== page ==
LDO Design in Cadence

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LDO Design in Cadence


LDO Design in Cadence

LDO Design in Cadence

CMOS LDO Design using Cadence

LDO Design in Cadence

Low Dropout (LDO) Linear Voltage Regulators

  • LDO Design in Cadence

Linear voltage regulators are key components in any power-management system that requires a stable and ripple-free power supply. A subset of linear voltage regulators is a class of circuits known as low dropout (LDO) regulators. This paper explains the fundamentals of LDOs and introduces Vidatronic’s LDO technology which solves many of the known shortcomings of LDO circuits.


A linear voltage regulator is a circuit that takes in a variable input voltage and provides a continuously controlled, steady, low-noise DC output voltage. Generally, linear voltage regulators require a large voltage drop between the input and the output to function correctly. This requires a relatively high-voltage input power supply and results in low power efficiency. A low dropout (LDO) linear voltage regulator is a type of linear voltage regulator circuit that works well even when the output voltage is very close to the input voltage, improving its power efficiency.


In addition to the above-mentioned fundamental functionality of an LDO, several other useful features can be included.

  • Enable/Disable

Many LDOs have a control input to enable the regulator or shut it down. This is useful for overall system power savings where the regulator is turned off when the system is idling or in an inactive state. There can be more intermediate power states, such as low power mode or ultra-low power mode, where the LDO output is maintained at the cost of system performance, depending on system requirements.

On devices with active-high logic, a high logic level enables the regulator, while a low input disables it. Vidatronic’s LDO IP cores use this convention.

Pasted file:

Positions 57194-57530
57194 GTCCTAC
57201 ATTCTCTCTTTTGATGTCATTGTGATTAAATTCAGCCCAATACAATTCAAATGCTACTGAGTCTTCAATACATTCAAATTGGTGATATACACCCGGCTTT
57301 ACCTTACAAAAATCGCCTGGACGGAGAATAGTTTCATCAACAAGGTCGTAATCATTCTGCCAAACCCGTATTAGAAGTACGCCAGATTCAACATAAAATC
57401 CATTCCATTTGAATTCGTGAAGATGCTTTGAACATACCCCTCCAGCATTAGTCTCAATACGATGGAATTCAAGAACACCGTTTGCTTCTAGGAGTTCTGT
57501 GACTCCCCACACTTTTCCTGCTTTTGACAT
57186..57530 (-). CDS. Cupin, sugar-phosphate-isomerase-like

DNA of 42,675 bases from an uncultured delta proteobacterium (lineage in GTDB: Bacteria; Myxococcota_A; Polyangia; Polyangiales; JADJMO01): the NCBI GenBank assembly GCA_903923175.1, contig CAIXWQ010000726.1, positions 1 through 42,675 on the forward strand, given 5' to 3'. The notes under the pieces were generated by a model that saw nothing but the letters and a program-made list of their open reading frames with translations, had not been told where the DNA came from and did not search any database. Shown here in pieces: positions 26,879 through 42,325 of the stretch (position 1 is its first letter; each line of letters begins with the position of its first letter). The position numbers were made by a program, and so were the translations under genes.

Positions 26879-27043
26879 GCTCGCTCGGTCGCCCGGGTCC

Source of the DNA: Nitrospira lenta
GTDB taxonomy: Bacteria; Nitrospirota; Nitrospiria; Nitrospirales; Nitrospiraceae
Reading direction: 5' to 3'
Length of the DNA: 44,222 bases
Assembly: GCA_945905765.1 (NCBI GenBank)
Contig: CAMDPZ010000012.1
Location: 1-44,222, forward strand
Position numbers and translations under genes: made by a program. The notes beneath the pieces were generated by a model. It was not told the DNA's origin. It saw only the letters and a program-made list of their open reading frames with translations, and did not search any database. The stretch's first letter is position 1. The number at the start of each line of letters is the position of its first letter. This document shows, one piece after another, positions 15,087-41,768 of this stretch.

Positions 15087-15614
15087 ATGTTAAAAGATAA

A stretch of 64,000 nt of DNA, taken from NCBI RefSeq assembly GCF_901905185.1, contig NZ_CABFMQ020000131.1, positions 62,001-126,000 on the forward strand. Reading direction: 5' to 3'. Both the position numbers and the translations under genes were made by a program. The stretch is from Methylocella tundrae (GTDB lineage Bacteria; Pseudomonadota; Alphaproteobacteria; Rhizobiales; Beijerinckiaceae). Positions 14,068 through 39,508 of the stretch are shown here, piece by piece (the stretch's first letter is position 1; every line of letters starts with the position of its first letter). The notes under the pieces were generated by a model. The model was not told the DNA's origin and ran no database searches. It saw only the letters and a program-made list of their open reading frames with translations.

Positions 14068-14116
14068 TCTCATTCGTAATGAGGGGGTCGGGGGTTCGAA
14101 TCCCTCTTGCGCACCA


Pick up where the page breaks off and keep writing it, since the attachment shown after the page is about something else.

• Soft-Start, Soft-Shutdown

Powering up the LDO is an important event and care must be taken to ensure that the output voltage rises at the optimal speed. If the voltage builds up too fast, it can trigger ESD clamps at the output and/or drive more than the rated current while trying to charge up the load. To prevent such unwanted occurrences, which can cause temporary or permanent damage to circuitry, the rate at which the output comes up is controlled. This is called Soft-Start.

Vidatronic’s IP cores provide Soft-Start functionality, ensuring a smooth, monotonic startup. The maximum slew rate is internally limited and given in the electrical specifications table of the datasheet.

Similarly, when the LDO is disabled, the output voltage will decay as a function of output capacitance and load current. Vidatronic’s IP cores have an additional feature normally not found on most LDOs. Should the part be re-enabled before the output fully decays, a slew rate function within the IP core will first bring the output voltage to zero before restarting, thus eliminating issues with startup glitches or non-monotonicity.

  • Over-Current/Over-Temperature Shutdown

In the event of prolonged exposure to conditions over and beyond the rated temperatures and load current levels, immediate or long-term damage to the device can occur. To safeguard against these risks, power systems usually have built-in over-current and over-temperature protection circuitry. There are different implementations that can be found from different manufacturers. Some are simple analog circuits that shut down the device when set thresholds are reached and require the faulty conditions to be removed before they can power up again. More advanced implementations include periodic polling to check if the faults are present or removed. In the case of persistent faults, this polling continues indefinitely.




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